Disney looks to adapt (again!) one of the most popular example of Celtic mythology in young adult literature. The Catholic roots of Marvel's Daredevil are examined. And the maverick magician John Constantine visits the land of the fair folk in DC Comics. It's Airy Monday, our weekly segment on magic and religion in pop culture! All this and more for the Pagan News Beagle!
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Caution: Rant Alert
It's an arbitrary and artificial cycle without relation to the natural cycles of the world, an oppressive seven-headed monster.
I say, let's kill it. Death to the week!
Yes, I know that pagans invented it. (Since pagans invented just about everything, that's really no great shakes. Pagans invented slavery and genital mutilation too. Face it, they haven't all been winners.) Tart it up with pagan god-names if you like, but we are not fooled. The intrusive Roman proves it's a foreign import.
When Muhammad of Mecca (piss be upon him) was setting up Islam, he intentionally replaced the traditional solar-lunar calendar with a strictly lunar calendar that careened through the solar year like a drunken bicyclist. In this way he guaranteed that the holidays of his religion would never accrete any of those nasty (and inevitably paganizing) seasonal associations, as the holidays of Judaism and Christianity had. Well, you can't say he wasn't savvy.
Same deal with the week. That's why the Hebrew prophets denounced new moons and holidays and championed the Sabbath instead. Stop looking at the Sun and Moon to tell time; you don't need them. Look at the calendar instead. Why measure our lives by the cycles of nature when we've got this nice, convenient, man-made cycle instead?
I just spent two months in the United States and got to see spring in three different places. Really, I got to see three different springs.
My first spring was in San Francisco, which was unaccountably hot. The last time I was in San Francisco, in the July of their summer, I needed my winter coat. This February I needed t-shirts, which I hadn’t packed. It was hot. Not just mildly warm, but as if I’d arrived in the middle of summer, except it wasn’t. There were leaves on the trees, magnolias in full bloom, shedding those deep-red-purple centred white petals onto the street. I felt completely disoriented, particularly as I’d come from my own Blue Mountains where – in summer – I’d been needing to wear several jumpers....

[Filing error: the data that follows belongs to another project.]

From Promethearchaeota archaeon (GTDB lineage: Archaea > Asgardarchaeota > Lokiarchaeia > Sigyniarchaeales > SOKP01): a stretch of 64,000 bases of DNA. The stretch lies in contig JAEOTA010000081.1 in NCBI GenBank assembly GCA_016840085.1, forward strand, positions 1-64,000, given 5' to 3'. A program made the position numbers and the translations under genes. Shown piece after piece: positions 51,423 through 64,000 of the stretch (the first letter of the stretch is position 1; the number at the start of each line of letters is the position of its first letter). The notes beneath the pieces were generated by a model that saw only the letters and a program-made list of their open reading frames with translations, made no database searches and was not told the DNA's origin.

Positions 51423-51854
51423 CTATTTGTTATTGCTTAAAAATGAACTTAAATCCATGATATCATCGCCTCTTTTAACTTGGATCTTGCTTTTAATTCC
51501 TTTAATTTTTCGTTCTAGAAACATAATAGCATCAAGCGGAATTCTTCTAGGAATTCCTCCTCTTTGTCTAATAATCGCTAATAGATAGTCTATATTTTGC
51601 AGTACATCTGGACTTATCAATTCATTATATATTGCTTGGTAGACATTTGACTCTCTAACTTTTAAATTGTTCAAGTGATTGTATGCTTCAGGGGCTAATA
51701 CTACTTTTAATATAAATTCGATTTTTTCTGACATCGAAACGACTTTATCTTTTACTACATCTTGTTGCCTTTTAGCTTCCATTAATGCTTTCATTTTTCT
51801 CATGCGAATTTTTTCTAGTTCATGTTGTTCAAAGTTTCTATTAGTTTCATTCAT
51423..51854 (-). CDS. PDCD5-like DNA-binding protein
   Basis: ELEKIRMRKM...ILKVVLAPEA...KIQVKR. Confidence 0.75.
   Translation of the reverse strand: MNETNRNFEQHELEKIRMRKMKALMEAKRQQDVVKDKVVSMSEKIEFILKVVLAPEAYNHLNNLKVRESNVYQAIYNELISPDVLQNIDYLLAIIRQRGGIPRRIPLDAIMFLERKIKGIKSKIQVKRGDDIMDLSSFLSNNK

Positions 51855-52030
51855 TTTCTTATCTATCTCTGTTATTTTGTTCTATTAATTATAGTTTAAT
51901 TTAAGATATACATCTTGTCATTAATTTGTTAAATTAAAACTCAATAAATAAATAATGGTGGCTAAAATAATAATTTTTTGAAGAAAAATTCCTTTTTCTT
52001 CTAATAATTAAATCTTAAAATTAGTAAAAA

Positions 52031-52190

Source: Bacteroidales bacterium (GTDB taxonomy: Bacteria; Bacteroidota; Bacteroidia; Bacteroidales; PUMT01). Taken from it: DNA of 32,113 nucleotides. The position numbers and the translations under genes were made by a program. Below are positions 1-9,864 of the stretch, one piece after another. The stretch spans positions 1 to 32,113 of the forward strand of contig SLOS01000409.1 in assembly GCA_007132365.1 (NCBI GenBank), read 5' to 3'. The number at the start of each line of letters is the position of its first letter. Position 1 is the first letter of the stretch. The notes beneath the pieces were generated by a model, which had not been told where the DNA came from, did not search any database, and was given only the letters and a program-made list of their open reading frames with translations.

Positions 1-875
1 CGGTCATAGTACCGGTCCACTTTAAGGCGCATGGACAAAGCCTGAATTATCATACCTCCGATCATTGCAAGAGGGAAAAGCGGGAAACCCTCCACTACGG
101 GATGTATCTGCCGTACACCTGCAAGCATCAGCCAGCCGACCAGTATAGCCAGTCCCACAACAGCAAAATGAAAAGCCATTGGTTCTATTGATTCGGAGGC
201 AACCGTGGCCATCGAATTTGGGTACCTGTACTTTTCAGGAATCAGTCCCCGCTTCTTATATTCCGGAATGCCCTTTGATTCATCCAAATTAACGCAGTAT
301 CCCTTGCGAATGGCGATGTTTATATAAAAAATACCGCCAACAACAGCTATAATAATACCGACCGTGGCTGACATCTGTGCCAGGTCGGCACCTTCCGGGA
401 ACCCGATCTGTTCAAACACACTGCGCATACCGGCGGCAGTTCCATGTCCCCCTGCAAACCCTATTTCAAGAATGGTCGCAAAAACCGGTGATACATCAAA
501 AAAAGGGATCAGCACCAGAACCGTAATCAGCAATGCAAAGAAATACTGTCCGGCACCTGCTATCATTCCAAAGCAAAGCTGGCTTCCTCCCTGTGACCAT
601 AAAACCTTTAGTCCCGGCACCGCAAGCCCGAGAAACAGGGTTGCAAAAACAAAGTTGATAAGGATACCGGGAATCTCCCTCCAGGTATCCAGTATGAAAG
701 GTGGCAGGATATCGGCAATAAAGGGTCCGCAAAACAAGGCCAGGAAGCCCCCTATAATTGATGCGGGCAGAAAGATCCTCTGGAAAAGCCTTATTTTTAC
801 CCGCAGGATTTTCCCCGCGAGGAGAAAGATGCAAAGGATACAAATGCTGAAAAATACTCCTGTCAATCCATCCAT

The week of the Spring Equinox, we got snow, lots of it: almost 2 feet feel in 12 hours, with a biting wind turning it into a full blown spring blizzard. Schools and offices were closed for 2 days, the roads were an icy mess, and it was really cold. It was hard, then, to start spring-cleaning or open the windows to invite in a freshening breeze. While snow poured into my flowerbeds, it didn’t feel appropriate to charge seeds, bless tools or prepare an offering to be left in swirl of icy snowflakes. Celebrating Ostara, regardless of what the calendar said, was the last thing on my mind.
Then, a few mornings later, I went outside, and things were...different. Yes it was cold, and the snow lingered on the lawn and had hardened into frozen slush in the street. But the cold air was not as sharp as I expected. In fact, there was a softness to it despite the chill. I could smell something too—something like soil or pollen, something almost floral. And unlike the stony silence of deep winter, with only the wind and traffic sounds in the air, I heard birds, I could hear several different trills and twees, and I noticed a froth of activity in my neighbors' cedar tree, as it was literally shaking with dozens of tiny gray wrens hopping in and out of its branches....
I was taught how to be afraid and how to avoid danger with the understanding that it still may not do what I want it to do. Never go to a bar or a club alone, never go home with a guy you just met because you might wind up in his refrigerator. Travel in a pack of girls and you will keep each other as safe as anyone can. You will protect each other from aggressive would-be suitors, bad half-drunk decisions and make sure no one wound up in the hospital.
And we did do those things for each other and we kept each other safe....
When witchcraft first flourished in the 20th Century, it was cutting edge. Hot on the heels of the feminist movement, the fledgling environmental movement, and a time of great social upheaval, neo-paganism opened a whole new realm of possibility that at once called to our roots but also challenged dominant paradigms. At the same time, a lot of us are drawn to pagan beliefs when we ourselves undergo inter and intra-personal change. To dedicate yourself to a pagan path is a challenging step to take, and the journey is a difficult one. If it was easy - everyone would do it. To be a pagan is already a radical and progressive act. But is it enough? I'd like to offer my own interpretation of what radical, progressive paganism can look like....